• Set up a dehumidifier, which will dry out your home and discourage bacteria and germs from breeding in an otherwise humid environment.
  • Simmer vinegar or some lemon peels in water on your stove for twenty minutes or so to neutralize the surrounding air, sort of like a natural potpourri.
  • Deep clean upholstered furniture by washing all removable covers in the laundry, scrubbing out smoke smells with baking soda. Baking soda is odorless but absorbs other odors — making it the perfect deodorizer. Sprinkle and let it sit, soaking up the smoke smell — and other odors — for at least 20 minutes, then vacuum. Have leather furniture? No problem. Leather can be wiped with a mixture of vinegar and water, but be careful not to oversaturate the fabric.
  • Lightly mist any hard-to-wash fabric items with your favorite scent of Febreze Fabric Spray to eliminate unsavory odors.
  • Wash the walls — and ceilings! — with vinegar. Oh, also your kitchen cabinets. And countertops. Might be time to invest in a good ladder. Don’t rinse the vinegar off, let it dry completely. If your walls still stink, sorry to say, it’s probably time to repaint.
  • Mop finished floors with Swiffer WetJet Mops, which will save you the trouble of having to haul out buckets of water and detergent. Just make sure to sweep first. The wet mopping cloths are also disposable, so just toss them when you’re done.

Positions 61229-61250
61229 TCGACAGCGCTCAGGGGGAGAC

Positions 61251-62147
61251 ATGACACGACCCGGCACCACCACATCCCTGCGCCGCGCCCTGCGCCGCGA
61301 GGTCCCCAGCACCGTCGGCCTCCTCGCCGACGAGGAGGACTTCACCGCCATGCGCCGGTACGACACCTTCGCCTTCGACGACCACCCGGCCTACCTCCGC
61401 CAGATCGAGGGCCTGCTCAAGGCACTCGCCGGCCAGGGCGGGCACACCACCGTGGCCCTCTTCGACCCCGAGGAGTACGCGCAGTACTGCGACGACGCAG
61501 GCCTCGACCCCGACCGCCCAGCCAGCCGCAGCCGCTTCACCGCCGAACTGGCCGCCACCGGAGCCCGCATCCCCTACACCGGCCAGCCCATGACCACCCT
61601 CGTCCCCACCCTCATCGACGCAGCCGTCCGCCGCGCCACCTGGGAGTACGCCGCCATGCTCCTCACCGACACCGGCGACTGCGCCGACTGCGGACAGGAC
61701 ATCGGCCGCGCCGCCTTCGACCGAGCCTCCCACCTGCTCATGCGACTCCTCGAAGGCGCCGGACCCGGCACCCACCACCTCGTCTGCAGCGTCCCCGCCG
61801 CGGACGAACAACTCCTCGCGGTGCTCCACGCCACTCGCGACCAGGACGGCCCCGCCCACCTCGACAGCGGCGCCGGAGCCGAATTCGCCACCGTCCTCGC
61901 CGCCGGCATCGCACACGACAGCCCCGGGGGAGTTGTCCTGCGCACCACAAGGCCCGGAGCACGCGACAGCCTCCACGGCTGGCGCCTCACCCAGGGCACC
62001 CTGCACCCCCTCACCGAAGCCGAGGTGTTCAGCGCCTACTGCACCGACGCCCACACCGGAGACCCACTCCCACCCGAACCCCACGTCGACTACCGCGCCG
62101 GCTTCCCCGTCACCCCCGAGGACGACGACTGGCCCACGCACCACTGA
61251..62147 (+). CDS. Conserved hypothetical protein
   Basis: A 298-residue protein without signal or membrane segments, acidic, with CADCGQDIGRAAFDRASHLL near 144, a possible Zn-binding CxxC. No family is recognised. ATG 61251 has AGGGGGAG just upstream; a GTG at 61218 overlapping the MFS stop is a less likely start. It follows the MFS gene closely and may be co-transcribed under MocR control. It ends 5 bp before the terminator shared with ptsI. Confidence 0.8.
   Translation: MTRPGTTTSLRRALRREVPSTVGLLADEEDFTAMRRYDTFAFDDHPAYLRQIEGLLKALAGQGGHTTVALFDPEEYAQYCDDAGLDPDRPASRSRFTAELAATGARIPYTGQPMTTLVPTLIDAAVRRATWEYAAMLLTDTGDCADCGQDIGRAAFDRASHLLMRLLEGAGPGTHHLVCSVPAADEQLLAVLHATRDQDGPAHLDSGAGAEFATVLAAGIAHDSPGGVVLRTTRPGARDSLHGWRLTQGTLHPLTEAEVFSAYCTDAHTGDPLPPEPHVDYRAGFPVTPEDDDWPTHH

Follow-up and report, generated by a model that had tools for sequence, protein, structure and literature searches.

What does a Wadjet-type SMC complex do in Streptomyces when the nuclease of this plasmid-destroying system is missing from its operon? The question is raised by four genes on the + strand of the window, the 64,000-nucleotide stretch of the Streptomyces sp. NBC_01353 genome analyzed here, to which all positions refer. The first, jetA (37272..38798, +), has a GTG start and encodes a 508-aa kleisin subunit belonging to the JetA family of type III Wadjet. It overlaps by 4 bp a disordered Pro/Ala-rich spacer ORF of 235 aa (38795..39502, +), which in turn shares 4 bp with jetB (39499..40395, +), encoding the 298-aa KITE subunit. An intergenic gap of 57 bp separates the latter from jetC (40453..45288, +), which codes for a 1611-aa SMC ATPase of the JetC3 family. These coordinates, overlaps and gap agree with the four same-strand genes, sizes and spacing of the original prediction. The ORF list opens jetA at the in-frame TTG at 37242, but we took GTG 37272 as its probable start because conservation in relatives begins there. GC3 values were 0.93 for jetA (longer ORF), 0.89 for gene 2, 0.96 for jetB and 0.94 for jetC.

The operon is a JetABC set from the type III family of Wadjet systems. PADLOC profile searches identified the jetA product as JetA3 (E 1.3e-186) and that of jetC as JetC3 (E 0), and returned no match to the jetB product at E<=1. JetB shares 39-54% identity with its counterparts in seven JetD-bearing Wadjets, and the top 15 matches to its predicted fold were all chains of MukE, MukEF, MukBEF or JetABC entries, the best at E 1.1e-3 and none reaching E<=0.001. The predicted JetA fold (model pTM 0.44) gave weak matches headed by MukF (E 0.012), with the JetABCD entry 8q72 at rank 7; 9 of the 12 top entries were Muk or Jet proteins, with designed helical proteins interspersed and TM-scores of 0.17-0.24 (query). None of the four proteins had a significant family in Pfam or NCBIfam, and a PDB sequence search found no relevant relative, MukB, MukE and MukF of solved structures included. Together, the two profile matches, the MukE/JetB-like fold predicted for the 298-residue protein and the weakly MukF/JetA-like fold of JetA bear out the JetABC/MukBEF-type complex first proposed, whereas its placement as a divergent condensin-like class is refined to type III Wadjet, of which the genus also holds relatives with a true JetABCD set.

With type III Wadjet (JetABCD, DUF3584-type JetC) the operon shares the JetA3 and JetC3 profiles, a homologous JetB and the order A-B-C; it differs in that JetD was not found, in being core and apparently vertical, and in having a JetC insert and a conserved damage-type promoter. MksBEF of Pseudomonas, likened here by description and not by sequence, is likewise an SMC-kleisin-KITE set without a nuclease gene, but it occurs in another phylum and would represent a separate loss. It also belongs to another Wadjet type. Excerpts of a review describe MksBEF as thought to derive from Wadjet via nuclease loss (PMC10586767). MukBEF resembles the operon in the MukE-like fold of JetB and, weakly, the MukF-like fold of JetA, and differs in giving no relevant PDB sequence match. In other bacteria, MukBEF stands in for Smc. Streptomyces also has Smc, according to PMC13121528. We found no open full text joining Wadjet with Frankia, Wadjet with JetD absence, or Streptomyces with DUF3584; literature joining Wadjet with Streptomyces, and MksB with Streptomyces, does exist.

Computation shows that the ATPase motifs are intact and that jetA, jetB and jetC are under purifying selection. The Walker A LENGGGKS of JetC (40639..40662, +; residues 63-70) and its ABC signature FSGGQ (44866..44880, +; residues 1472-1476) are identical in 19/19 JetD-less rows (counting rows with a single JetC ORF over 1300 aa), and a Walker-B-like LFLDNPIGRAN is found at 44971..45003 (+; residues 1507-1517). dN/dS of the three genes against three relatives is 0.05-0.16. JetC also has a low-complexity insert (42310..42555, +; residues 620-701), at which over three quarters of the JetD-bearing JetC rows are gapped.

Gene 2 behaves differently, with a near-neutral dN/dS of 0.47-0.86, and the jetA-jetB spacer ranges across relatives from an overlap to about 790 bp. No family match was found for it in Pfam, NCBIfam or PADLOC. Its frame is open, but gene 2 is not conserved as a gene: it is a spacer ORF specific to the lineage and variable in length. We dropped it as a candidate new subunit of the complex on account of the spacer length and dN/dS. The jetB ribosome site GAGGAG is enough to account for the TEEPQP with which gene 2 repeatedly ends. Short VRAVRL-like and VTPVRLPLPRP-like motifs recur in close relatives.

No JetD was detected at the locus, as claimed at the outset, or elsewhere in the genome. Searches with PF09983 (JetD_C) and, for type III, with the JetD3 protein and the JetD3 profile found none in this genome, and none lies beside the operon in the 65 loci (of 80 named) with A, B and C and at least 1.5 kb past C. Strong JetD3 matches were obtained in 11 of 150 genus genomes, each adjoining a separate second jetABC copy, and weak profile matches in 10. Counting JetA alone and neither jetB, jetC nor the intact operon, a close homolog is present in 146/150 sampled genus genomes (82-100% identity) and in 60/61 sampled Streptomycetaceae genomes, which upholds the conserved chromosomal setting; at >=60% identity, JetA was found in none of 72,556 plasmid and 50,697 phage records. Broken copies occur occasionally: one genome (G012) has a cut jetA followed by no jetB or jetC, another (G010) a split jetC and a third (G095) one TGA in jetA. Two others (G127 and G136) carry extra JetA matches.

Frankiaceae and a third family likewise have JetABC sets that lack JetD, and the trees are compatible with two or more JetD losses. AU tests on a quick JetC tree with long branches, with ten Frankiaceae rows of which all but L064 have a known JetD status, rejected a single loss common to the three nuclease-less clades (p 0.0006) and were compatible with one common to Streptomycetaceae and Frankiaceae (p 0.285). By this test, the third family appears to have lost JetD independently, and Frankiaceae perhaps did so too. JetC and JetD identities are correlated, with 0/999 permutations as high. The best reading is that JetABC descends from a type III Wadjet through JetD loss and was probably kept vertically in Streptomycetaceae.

• For further deodorizing, you can whip up a little cocktail of vinegar and baking soda to spray on fabrics such as curtains and carpets. Don’t be afraid to add a pinch of apple cider vinegar to your laundry detergent when washing bedding, linens, duvets, slipcovers, or towels.
  • Try changing the air filters in your home’s heating and cooling systems to maximize the airflow and circulation. Particles containing smoke odor can easily get trapped there.
  • Invest in an air purifier, which — bonus — doesn’t only help get rid of smoke odors, but helps kill bacteria and fungi in the air. Or, perhaps, save on your energy bill and get yourself some air-purifying plants.
  • Purchase an essential oil diffuser, scented candle, or Febreze PLUGS and place strategically throughout your house. Bonus: Febreze doesn’t just mask the odor, it eliminates it.
  • Empty all ashtrays and stop smoking in the house, if that’s your thing. Take it outside to the porch and backyard, where there’s less opportunity for absorbent material to gobble up your exhalations. Try keeping your clothes, which carry smoke smell, in a covered laundry basket, and wash your clothes frequently.
  • And for the love of your upholstered furniture, be mindful while cooking and remember to set timers (and crack kitchen windows when frying food!) if you’re easily distracted.

There you have it. Whether you’re trying to get cigarette smell out of your apartment, attempting to get rid of burnt food smell, or dealing with something more severe, like smoke damage, these tips should help you breathe a little better.